ClicThanks to the “bomb cyclone” snowstorm I started this New Year unexpectedly gifted with an extra couple of days in New York City. Since I was unable to enjoy the city, I decided to do some digital house-keeping, deleting all emails and files that were obsolete, unwanted and irrelevant. As my inbox was downsized I realized that I needed not only to delete these emails but also to cut some of them off at the source: the source being the unsubscribe button. As I deleted subscriptions I rarely used and subscriptions that I forgot I even had, I felt cleansed in a self -congratulatory way.
I reflected on the noise that is created online, the noise I join in with, can get lost in, am amused by and even sometimes confused by. Spam has taken on new digital dimensions. Traditionally the word may bring back memories of Monty Python sketches or unappetizing school meals, yet I refer to it as the ongoing stream of marketing material that arrives in our inbox and is posted on social media.
I understand the need to keep in touch and welcome a well-appointed, thoughtful email or post sent occasionally to update and inform customers on what is relevant, useful or interesting. I understand the need to raise your profile and let people know you exist especially if you have a real service to offer and value to add.
What I have an issue with is the click funnel push-pull on-line marketers and their clever ways of getting us to click “yes” and relinquish our email and perhaps cash and the bombardment of never ending follow up emails.
Unsurprising these click funnel techniques are ones mainly used by a new breed of solopreneur/entrepreneur’s eagerness to get noticed in an over-crowded market place. In these ranks are digital wizards (“I can get you to the top of google”), get-rich-schemers (“follow these three steps and you too can be a millionaire”) and self-aggrandizing self-help gurus (“I have the secret elixir to health and happiness”). Really?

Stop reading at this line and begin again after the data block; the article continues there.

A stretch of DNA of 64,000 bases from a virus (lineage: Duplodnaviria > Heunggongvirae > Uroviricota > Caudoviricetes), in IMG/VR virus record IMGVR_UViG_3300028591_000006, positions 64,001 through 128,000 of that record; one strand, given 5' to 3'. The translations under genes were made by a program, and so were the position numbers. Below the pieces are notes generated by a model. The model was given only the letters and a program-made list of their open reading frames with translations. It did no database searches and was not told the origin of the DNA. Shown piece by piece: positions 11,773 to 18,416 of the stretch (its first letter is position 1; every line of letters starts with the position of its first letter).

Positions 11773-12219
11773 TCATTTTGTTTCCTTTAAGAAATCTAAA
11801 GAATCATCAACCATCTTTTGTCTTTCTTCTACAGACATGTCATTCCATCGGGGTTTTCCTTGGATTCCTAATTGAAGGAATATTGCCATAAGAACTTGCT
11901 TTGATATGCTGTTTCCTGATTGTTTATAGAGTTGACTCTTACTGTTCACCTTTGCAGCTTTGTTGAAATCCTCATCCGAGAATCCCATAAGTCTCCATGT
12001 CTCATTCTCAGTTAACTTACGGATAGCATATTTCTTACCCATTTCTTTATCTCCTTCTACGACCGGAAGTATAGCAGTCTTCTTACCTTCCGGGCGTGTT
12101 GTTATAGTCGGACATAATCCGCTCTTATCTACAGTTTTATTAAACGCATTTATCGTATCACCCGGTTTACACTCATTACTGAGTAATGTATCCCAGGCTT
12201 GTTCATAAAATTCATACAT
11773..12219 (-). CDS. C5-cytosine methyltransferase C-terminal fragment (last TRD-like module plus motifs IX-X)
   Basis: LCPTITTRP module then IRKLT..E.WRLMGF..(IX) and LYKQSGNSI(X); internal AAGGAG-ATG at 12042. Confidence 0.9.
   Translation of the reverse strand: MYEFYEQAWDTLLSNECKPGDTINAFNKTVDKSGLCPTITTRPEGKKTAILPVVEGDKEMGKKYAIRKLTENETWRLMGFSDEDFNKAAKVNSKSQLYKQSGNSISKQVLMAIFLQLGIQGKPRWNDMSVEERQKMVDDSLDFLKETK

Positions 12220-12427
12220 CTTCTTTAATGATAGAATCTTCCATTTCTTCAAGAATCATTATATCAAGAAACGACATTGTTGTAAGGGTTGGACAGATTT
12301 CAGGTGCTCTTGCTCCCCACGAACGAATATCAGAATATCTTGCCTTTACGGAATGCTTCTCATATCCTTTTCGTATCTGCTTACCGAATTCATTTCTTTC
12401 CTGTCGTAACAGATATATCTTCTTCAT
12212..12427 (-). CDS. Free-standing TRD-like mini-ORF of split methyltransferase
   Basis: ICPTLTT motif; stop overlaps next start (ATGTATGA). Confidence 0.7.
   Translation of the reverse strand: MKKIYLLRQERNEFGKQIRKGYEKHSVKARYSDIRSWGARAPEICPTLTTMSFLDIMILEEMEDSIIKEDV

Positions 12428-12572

The marketing strategy seduces with a promise: to get something easily or to fix something that is painful. In exchange for an email and pressing the “buy now” button, you are subject to daily and sometimes several times a day content unless you spot the “opt out” option.
Spam mail creates the opposite effects of what is intended. It creates so much noise that you don’t want to listen to the message anymore, even if it originally was a good one. The bombardment method, a daily outpouring of marketing titbits, soundbites and noise is designed to keep them in your memory. It relies on the fact that we sometimes buy on impulse and are too busy or too distracted to get around to unsubscribing.
Spam communication shows no respect or discernment or anything that might build a genuine relationship. Just because someone signs on for a course or an e-book does not mean they want a life-time subscription of follow up emails.
Spam doesn’t stop at sending messages digitally. It is also extended to unsolicited calls. At one point, last year I was received over 15 calls a day on my mobile phone because I registered a new domain and unwittingly had not made my details private. I promptly reregistered in the private domain and for a price to keep my information private. This never used to be a problem but now because the domain is public, it is considered valid plunder for telemarketing calls. Interestingly none of the spam callers asked me:
If I wanted a website built
If I had someone already to do the job
How they could add value
Or if this was a good time for me to speak
Spam e-selling, spam email, spam calls obviously works as a scatter-gun approach, otherwise people would not use it. Perhaps the 1 to 5 percent of the target audience it reaches is worth the campaign. But what about the rest of the 90+ percent? Like midges swarming around you on a hot day in the beautiful Scottish countryside, it is mildly irritating at least and distracting at most. (Sorry midges).
My intention to simplify and streamline my digital dealings and recognize the distractors starts with the clearing out of the unnecessary and unwanted. I leave you with this questions that I needed to ask myself:
Is this subscription really adding any value to my life or my business?
If no, unsubscribe and press delete or better still avoid pressing the sign-up button. Less digital midges distracting your precious time.
Happy Spam-free 2018